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Remembering President Emerita Jill Ker Conway

News of Note

Black and white photo of president emerita Jill Ker Conway

Published June 2, 2018

A memorial service for President Emerita Jill Ker Conway will take place at 4 p.m. Thursday, Oct. 18, in Helen Hills Hills Chapel. The community is invited.

A memorial service for President Emerita Jill Ker Conway will take place at 4 p.m. Thursday, Oct. 18, in Helen Hills Hills Chapel. The community is invited.

An acclaimed scholar and author who served from 1975 to 1985 as president of Smith College, Conway died in June at her home in Boston. She was 83.

Conway was the first woman to serve as president of Smith.

Kathleen McCartney, Smith’s president since 2013, described Conway as a “groundbreaking and gracious” president who was also a good friend and mentor. Referencing A Woman’s Education, Conway’s 2001 memoir of her time at Smith, McCartney credited her predecessor with “doing the hard work.”

From her, I learned to work over, under, around and through to advance women’s position in the world.

“Jill Ker Conway came to Smith at a time when gender roles were being transformed — and there were people here who tried to stand in her way,” McCartney said. “But at a time when the academy didn’t see women as college presidents — or as leaders at all — she demonstrated a leadership that was innovative and effective. From her, I learned to work over, under, around and through to advance women’s position in the world.”

Raised in Australia, Conway came to the United States in 1960 for graduate study at Harvard, and was just 39 years old when she accepted the Smith presidency in 1974. A specialist in the history of women reformers in the United States, Conway began her presidency at a time when women’s rights and ascension into the professions were reshaping society. A longtime supporter of women’s education and of the liberal arts, Conway built her presidency toward fostering “research and the creation of new knowledge,” as she said in her inauguration address, “around matters of central importance in women’s lives.”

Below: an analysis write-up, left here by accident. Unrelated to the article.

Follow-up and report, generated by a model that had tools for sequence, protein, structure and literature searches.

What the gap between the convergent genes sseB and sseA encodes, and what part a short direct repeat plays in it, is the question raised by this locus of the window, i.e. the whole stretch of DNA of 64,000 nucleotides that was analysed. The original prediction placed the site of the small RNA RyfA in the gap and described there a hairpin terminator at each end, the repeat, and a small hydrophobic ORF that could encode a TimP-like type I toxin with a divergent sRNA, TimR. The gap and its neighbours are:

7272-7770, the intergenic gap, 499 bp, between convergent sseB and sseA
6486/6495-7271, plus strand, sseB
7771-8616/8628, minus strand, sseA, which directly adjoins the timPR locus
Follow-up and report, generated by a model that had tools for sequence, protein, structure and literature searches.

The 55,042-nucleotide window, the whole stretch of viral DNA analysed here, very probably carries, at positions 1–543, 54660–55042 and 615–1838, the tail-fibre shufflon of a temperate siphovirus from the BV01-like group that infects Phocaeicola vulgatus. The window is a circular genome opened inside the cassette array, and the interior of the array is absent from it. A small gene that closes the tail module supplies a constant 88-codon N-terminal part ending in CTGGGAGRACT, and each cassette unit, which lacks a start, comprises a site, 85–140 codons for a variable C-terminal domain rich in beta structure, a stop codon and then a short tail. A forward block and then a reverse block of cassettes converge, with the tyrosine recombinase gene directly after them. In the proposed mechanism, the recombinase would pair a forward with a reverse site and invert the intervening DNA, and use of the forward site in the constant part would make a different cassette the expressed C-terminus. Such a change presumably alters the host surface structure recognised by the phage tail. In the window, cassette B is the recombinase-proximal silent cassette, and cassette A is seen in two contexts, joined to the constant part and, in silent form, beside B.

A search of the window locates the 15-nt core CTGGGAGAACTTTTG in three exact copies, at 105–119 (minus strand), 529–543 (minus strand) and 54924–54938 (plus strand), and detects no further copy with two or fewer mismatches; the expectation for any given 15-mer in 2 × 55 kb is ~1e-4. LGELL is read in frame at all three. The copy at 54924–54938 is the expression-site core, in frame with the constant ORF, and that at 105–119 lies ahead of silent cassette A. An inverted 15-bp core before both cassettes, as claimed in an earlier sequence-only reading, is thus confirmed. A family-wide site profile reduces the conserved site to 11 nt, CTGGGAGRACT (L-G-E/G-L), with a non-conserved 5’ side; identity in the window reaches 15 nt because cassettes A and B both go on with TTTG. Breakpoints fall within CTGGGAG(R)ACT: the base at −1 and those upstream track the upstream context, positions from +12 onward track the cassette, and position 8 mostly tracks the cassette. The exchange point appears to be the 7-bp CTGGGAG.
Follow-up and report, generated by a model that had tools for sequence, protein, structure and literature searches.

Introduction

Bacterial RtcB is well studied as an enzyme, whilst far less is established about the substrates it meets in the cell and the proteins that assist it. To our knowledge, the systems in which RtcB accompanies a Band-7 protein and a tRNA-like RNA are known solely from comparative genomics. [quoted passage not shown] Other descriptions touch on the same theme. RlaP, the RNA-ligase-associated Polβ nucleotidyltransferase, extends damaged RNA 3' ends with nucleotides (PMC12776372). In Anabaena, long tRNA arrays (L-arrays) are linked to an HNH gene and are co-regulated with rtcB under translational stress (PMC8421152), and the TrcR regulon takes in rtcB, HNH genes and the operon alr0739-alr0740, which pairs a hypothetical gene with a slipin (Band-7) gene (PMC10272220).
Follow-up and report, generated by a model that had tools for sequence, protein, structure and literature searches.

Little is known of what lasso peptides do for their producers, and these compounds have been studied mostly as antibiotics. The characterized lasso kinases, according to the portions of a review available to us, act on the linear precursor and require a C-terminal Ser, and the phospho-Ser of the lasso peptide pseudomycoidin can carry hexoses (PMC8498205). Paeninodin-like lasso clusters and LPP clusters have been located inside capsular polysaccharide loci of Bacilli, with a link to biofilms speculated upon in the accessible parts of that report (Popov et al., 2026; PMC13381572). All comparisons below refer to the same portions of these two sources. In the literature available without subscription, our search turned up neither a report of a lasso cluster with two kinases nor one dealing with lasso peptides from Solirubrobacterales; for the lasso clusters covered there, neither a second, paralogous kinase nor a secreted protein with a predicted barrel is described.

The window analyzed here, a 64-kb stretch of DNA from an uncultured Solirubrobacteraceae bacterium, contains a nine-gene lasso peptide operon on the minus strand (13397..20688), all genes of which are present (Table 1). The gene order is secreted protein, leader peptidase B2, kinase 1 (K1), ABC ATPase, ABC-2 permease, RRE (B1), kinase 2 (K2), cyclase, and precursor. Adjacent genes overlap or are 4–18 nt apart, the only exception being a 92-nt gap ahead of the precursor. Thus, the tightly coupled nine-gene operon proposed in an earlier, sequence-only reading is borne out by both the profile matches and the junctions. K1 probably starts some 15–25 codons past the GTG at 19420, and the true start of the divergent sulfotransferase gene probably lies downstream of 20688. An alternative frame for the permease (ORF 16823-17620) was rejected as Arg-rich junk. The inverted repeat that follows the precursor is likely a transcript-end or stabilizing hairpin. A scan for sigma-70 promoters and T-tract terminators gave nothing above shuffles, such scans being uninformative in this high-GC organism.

As Smith’s president, Conway led the development of many groundbreaking programs, projects and academic departments, including the Ada Comstock Scholars Program, an innovative, life-changing and highly regarded program for students beyond the traditional age. She also spearheaded creation of the Smith Management Program (now called Smith Executive Education); the Project on Women and Social Change; and academic programs in women’s studies, comparative literature and engineering.

Conway was an extraordinarily effective fundraiser, enthusiastically embraced by Smith’s board of trustees  and popular with donors; she also made it a priority to understand and improve Smith’s endowment spending. The endowment nearly tripled during her presidency, growing from $82 million to $222 million. As a result, Smith was able to undertake several important capital projects during her tenure, including a large-scale renovation and expansion of Neilson Library. An enthusiastic athlete and sports fan who loved to cheer for Smith student-athletes, Conway recognized the rapidly growing emphasis on fitness and athletics for women in the wake of Title IX, and she oversaw the construction of Ainsworth Gymnasium and the early creation of new indoor and outdoor track and tennis facilities. She also expanded the Career Development Office to better counsel Smith students and alumnae about career opportunities and graduate training for women.

In the first year of her presidency, Time magazine named Conway  a “woman of the year.”

Conway’s presidency was not always easy. As she wrote in A Woman’s Education — the 2001 book published as the third in her best-selling trilogy of memoirs — she arrived at Smith to find an entrenched faculty (most of whom were men) resistant to change and focused on battles around politics, sex and coeducation.